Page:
We may want “buzzy” for our restaurants and nightclubs, but when it comes to our vacations, we’re all about off-the-grid and under-the-radar. Here are 15 islands that have remained blissfully secret.
Just off the coast of northern Sicily, this Aeolian gem is practically picture-perfect with whitewashed buildings covered in fuchsia bougainvillea and narrow, romantic lanes made for strolling. (The island is car-free, so you’ll only be passed by golf carts, Motorino electric bikes and Apes, Italian three-wheelers). Home base is the 28-room Hotel Lisca Bianca, which has a rooftop sushi restaurant and striking views of the ocean from its blue-tiled terraces. During the day, explore the island’s caves by barca and cool off with some granita (a slushy-icy treat) at Bar Del Porto; at night head to the trendy Da Pina restaurant to tuck into plates of octopus salad, eggplant gnocchi and branzino al cartoccio con agrumi (sea bass baked with zesty oranges and lemons). Then, toast with Sicilian vino and a killer vista at the family-run Trattoria da Paolino.
Fernando do Noronha, Brazil
Mention Fernando do Noronha to any naturalist or ecologist and they’re sure to know all about this under-the-radar archipelago— one of the most fiercely protected natural environments in the world. In an effort to preserve the eco-wonderland, only 420 tourists are permitted to visit at once, but if you manage to be one of the lucky ones, book a stay at Pousada Maravilha, an intimate hilltop retreat with five bungalows, an infinity-edge pool and panoramic views of the island’s rugged landscapes. To experience the area’s rich marine life, bring your snorkeling gear to Baía dos Porcos for the chance to glimpse turtles, stingrays and whales. After, reward your efforts with a spicy bowl of octopus, shrimp and lobster stew at Ecologiku’s, where guests dine on plastic picnic tables in the garden of the chef’s house.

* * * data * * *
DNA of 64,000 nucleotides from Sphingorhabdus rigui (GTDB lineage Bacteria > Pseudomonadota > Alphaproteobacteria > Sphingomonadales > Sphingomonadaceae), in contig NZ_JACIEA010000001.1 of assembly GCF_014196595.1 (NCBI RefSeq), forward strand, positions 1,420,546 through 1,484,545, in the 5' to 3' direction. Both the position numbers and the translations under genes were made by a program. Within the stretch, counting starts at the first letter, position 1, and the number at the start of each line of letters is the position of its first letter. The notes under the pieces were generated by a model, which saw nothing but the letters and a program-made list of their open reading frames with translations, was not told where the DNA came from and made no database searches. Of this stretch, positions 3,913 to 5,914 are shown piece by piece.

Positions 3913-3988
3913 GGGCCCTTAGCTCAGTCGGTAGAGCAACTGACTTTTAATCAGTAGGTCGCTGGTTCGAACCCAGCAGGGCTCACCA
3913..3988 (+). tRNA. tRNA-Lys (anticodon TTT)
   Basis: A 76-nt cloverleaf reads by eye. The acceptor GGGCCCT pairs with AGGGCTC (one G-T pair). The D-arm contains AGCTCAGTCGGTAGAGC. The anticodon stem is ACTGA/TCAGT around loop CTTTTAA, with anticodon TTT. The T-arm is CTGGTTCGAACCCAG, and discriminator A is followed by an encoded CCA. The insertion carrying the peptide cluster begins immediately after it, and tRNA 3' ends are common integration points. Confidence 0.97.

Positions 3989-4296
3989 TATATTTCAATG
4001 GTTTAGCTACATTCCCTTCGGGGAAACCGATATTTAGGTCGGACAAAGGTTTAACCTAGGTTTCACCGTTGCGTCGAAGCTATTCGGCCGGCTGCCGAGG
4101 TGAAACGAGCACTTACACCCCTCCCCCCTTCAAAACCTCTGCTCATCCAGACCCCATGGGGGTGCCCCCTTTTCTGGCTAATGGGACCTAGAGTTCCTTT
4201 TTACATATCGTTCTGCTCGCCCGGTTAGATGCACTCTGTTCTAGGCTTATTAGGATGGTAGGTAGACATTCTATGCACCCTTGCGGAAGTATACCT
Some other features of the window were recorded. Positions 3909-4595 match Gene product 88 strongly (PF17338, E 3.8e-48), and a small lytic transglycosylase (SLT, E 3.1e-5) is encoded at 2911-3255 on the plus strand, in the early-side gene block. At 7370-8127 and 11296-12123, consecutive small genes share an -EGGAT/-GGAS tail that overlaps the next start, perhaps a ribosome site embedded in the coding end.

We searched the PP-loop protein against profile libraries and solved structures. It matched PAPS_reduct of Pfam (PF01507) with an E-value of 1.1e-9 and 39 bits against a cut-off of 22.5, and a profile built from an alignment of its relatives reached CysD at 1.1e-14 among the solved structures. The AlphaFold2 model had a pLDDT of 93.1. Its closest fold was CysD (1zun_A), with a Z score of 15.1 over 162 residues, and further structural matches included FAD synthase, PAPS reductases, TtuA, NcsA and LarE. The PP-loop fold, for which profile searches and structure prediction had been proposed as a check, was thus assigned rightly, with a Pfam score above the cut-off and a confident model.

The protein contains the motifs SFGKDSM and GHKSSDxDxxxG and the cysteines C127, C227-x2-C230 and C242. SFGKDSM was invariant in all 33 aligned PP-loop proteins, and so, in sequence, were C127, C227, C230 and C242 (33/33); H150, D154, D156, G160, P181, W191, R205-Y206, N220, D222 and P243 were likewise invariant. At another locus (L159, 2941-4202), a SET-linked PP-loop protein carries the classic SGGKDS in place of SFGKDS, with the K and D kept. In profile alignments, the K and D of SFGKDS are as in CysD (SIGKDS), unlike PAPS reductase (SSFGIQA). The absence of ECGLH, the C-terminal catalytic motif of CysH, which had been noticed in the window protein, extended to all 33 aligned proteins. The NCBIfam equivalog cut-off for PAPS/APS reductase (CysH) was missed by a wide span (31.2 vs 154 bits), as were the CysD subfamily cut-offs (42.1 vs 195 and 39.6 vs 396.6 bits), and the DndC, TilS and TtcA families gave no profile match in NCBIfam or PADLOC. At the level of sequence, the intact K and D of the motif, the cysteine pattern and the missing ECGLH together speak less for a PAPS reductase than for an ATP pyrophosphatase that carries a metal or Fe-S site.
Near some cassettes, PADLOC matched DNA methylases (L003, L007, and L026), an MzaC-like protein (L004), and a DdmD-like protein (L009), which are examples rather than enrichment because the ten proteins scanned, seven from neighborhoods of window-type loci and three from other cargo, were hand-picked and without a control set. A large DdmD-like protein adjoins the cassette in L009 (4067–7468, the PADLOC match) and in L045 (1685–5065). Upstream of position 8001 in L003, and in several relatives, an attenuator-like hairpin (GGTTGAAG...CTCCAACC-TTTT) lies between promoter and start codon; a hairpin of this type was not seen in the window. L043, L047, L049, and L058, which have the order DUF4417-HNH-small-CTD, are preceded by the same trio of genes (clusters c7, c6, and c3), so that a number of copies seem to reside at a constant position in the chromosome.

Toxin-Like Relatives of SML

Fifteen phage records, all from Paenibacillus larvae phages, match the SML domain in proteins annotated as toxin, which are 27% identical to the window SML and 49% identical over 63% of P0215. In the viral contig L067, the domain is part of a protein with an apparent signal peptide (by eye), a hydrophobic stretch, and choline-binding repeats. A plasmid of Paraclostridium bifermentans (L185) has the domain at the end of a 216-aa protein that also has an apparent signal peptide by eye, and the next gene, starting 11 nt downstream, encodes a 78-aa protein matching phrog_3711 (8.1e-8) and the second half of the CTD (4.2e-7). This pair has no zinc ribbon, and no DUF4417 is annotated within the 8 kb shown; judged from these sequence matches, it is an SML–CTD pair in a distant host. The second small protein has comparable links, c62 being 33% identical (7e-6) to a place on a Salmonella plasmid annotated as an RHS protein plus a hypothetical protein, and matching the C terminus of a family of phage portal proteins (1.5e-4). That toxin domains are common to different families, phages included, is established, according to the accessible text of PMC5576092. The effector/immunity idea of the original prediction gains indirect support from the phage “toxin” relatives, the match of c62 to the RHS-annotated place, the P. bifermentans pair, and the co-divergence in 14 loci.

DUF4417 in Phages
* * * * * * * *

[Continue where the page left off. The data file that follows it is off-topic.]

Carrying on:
Off the coast of Italy, out in the middle of the Mediterranean, the quiet and impossibly green Gozo takes its place in a chain of islands that make up the Maltese archipelago. With rural fishing villages and idyllic bays, the isle is thought to be pulled straight from the pages of Homer’s Odyssey. Drop your bags at the Kempinski Hotel San Lawrenz where modern luxuries – namely an oriental hammam and ayurveda center – rest in the traditional countryside village of San Lawrenz. For an authentic Gozitan meal, the family-run Ta Karolina on the Xlendi waterfront serves up platters of local cheese and fish that precede mains like thyme and rosemary braised lamb shank and rabbit marinated and fried in garlic and prune sauce. Work off generous meals hiking around Dwejra Bay and treat your insta to shots of the the Azure Window, the natural limestone arch that is Gozo’s utmost pride and joy.
An overwater bungalow is the only way to stay at this sparsely-populated (and blissfully undeveloped) Filipino gem, and the thatched roofs at Apulit Island Resort more than fit our bill. The resort’s cottages stretch out in a line through the turquoise surf of Taytay Bay, just as the island of Palawan itself reaches almost to Malaysian Borneo. Though most visitors bed down in the gateway city of El Nido, the culinary scene is found in Puerto Princesa, thanks to locally-favored spots like the bamboo-shaded La Terrasse. No matter where you are in Palawan, outdoor activities are the main draw – hiking, diving, and island-hopping all among the most popular. If you’re keen on following an itinerary, do yourself a favor and reserve a day to paddleboat to the limestone karst-landscape that is the Puerto-Princesa Subterranean River – one of the new 7 wonders of nature.